OUR HOUSE offers a variety of rewarding opportunities for generous and compassionate people who would like to make a difference in the lives of grieving children, teens, and adults. Volunteer opportunities include being a Group Leader, volunteering at special events, assisting in the office, and becoming an OUR HOUSE Ambassador. Currently, Group Leaders are urgently needed in Los Angeles and the San Fernando Valley. You will be trained by the agency's clinical team to learn the skills necessary to be a Grief Support Group Leader. No previous experience is required. Training sessions starting soon.
For more information or to volunteer, please contact OUR HOUSE at 310-473-1511 or 818-222-3344, or visit their website at www.OurHouse-Grief.org.
RESIDENTIAL BURGLARIES DISTRACTING ELDERLY VICTIMS
There has been a small increase in residential burglaries in the City of Los Angeles, including in the areas of Pacific Palisades, Westwood, and West L.A., where organized groups of thieves target vulnerable elderly citizens and use trickery or a distraction to gain access to the residence and remove property.
The suspects, a diverse group of males and females ages 17 to 50, have been variously described as Caucasian, Eastern European, Hispanic, Filipino and "Gypsy." The suspects are usually very courteous and convincing. Sometimes, they have children with them. Once the victim(s) is distracted, a secondary team of burglars enters the residence and steals valuables.
Some common methods of trickery used have been:
• Posing as Department of Water & Power employees who need to inspect the backyard.
• Posing as construction workers at a neighboring house and needs to enter the backyard to inspect the wall.
• Asking to go into the backyard to get their lost cat.
• Posing as telephone company employees who need to inspect the telephone pole.
Police are seeking to raise public awareness of these crimes. To report suspicious activity or if you have information about these crimes, call the 24-hour toll free Detective Information Desk at 1-877-LAW-FULL (1-877-529-3855), or the West Los Angeles Area Front Desk at (310) 444-0701 or 444-0704.
Operation Sparkle - Fairfax
Councilmember Koretz welcomes community members at Canter's who joined together to clean and beautify their local neighborhood
This newsletter, the Hi-5, loves to promote and give credit to community and civic efforts, but sometimes a great cause or event slips by without attention being given in these pages. An Operation Sparkle effort back in March was one such instance, so we are going to slip into a time machine, so to speak, to use this current edition of the Hi 5 to give praise. Please, always feel free to let us know about past as well as upcoming community events and efforts, and also feel free to send pertinent photos: send all such information and ideas to firstname.lastname@example.org.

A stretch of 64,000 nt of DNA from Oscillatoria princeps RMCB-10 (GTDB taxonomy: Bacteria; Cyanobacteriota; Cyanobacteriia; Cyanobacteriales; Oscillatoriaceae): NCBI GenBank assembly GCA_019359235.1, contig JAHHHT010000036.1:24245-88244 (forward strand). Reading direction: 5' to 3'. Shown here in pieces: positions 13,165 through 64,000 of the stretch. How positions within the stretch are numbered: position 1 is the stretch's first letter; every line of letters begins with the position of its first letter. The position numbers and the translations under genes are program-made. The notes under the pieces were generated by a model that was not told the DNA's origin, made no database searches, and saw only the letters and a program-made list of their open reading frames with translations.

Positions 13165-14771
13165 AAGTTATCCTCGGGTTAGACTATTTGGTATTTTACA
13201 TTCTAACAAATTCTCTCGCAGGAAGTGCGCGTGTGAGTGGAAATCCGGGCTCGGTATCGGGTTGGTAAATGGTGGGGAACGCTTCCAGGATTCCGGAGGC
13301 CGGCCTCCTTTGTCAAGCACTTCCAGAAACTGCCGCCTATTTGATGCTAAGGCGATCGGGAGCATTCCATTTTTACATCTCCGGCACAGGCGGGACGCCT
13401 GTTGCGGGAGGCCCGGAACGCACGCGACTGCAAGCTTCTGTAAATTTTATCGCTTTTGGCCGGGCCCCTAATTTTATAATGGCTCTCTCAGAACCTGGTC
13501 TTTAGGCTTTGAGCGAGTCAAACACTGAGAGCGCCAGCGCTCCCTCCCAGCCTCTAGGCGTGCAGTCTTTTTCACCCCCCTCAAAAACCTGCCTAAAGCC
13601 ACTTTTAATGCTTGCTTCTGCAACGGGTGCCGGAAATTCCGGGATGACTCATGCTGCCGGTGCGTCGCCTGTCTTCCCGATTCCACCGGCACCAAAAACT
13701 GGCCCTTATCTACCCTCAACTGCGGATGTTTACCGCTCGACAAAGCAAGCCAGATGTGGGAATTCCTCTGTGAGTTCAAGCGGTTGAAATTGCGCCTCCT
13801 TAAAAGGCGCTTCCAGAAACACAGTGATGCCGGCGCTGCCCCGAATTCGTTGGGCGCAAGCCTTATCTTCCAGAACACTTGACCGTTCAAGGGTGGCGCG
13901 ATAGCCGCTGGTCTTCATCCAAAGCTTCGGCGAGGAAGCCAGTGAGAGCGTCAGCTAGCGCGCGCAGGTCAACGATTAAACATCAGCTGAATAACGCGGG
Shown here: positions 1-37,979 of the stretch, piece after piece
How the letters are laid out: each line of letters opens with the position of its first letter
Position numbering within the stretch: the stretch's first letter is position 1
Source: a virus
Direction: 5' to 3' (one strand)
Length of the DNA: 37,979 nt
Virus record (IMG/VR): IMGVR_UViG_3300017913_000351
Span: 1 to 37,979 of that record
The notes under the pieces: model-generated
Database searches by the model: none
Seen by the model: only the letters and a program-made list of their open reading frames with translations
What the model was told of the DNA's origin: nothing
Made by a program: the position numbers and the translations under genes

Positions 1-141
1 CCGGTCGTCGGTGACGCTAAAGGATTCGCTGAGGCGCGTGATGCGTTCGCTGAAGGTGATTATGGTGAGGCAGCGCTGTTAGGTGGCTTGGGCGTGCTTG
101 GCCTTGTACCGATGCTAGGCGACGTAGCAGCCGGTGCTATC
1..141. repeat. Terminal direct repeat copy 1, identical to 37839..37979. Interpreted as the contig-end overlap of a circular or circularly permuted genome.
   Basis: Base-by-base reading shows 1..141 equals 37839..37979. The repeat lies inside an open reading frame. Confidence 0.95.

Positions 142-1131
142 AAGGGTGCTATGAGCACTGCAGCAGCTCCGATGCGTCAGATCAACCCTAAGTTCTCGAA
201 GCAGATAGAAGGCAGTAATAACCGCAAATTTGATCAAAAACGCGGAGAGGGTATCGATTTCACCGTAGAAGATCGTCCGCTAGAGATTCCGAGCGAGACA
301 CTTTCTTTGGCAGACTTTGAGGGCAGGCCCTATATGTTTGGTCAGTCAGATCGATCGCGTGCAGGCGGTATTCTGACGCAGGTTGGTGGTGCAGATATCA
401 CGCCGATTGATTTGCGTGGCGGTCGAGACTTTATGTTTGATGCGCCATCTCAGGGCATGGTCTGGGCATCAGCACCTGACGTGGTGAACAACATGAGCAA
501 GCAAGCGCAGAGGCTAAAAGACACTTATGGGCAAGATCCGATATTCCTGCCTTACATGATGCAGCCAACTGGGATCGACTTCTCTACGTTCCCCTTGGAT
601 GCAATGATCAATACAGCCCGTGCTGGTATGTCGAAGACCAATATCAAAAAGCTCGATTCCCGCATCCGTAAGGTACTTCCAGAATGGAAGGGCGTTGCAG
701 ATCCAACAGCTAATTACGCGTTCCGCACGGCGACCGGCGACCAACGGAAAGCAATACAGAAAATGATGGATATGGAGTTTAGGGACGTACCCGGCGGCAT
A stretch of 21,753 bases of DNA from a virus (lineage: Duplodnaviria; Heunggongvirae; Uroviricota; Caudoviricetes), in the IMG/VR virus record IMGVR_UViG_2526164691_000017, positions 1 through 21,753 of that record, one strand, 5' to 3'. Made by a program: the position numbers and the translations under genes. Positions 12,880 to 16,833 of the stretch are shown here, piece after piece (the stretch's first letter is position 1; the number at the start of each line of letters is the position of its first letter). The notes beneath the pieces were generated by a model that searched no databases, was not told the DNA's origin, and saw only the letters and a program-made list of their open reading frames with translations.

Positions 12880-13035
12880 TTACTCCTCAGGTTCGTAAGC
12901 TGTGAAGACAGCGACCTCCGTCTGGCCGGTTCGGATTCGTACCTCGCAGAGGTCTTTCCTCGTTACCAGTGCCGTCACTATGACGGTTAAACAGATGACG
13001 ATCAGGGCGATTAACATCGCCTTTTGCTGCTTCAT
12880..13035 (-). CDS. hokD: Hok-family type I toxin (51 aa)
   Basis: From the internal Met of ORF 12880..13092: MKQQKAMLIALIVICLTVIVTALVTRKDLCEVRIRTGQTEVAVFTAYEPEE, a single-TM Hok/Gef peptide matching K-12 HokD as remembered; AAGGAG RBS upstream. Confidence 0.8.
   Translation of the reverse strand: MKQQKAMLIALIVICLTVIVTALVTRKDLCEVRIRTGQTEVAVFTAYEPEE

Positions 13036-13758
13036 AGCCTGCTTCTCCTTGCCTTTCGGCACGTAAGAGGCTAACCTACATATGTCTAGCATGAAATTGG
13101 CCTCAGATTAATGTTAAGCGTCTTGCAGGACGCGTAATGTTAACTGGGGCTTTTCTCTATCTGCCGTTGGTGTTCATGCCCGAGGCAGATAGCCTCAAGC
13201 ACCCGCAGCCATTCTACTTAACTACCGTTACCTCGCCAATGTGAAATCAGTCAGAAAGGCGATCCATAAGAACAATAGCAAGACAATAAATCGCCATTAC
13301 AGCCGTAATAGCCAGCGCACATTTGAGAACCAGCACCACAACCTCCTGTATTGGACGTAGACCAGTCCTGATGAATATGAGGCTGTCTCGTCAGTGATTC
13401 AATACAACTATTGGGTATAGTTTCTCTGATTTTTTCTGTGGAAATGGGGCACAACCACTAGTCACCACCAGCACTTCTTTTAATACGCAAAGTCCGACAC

On March 3, more than 100 volunteers from Oasis Church, staff from Pacific Graffiti Solutions and Los Angeles Conservation Corps, and Melrose Action Neighborhood Watch joined forces with Councilmember Koretz and LAPD to do ‘Operation Sparkle – Fairfax."
Operation Sparkle was created in the San Fernando Valley in the early 1990s as a way to involve the various communities in making their neighborhoods better places in which to work and live. Volunteers would work with the police and go through neighborhoods and do sweeps so the neighborhoods could ‘sparkle’ again. The Police Department spearheaded the operation back then, and Councilmember Koretz was glad to work with Captain Eric Davis of Wilshire Division to see this tradition renewed on Fairfax Avenue. Operation Sparkle helps fill that critical need when neighborhoods need a sparkle. The clean-up included painting over graffiti, trash pick-up, weed abatement, power spraying sidewalks, and bulky item pick-up. Plus, a few days before the event, many local residential blocks were also cleaned, thanks to National Advertising and Promotions. They removed stickers, graffiti, posters, and trash.
Councilmember Koretz and District 5 Field Deputy John Darnell hard at work at Operation Sparkle - Fairfax
Canter's Restaurant was very gracious in providing breakfast for everyone involved. The event started off by gathering in Canter's parking lot and Councilmember Koretz thanked everyone for their efforts and gave appreciation.
And in the true tradition of Operation Sparkle events, volunteers gathered for lunch afterwards. A free lunch was provided at Currywurst (a few blocks south of Canter's). Currywurst is part of the new generation of businesses on Fairfax Avenue, and is a great community partner regarding local issues involving Fairfax Avenue. Councilmember Koretz thanks everyone involved and looks forward to the next Operation Sparkle.
Animal-friendly NBC and Subaru have the right to strut like a peacock!
In mid-March, NBC4 and Subaru teamed up to support Los Angeles Animal Services. NBC said it would donate a dollar to La Animals Services every single time someone visiting the NBC 4 facebook page clicked the Like button, up to a grand sum of $10,000. Subaru was kind enough to agree to match those donations up to $10,000 for a potential total of $20,000 of donations to LA Animal Services. The $20,000 goal was reached, and has already been partially donated.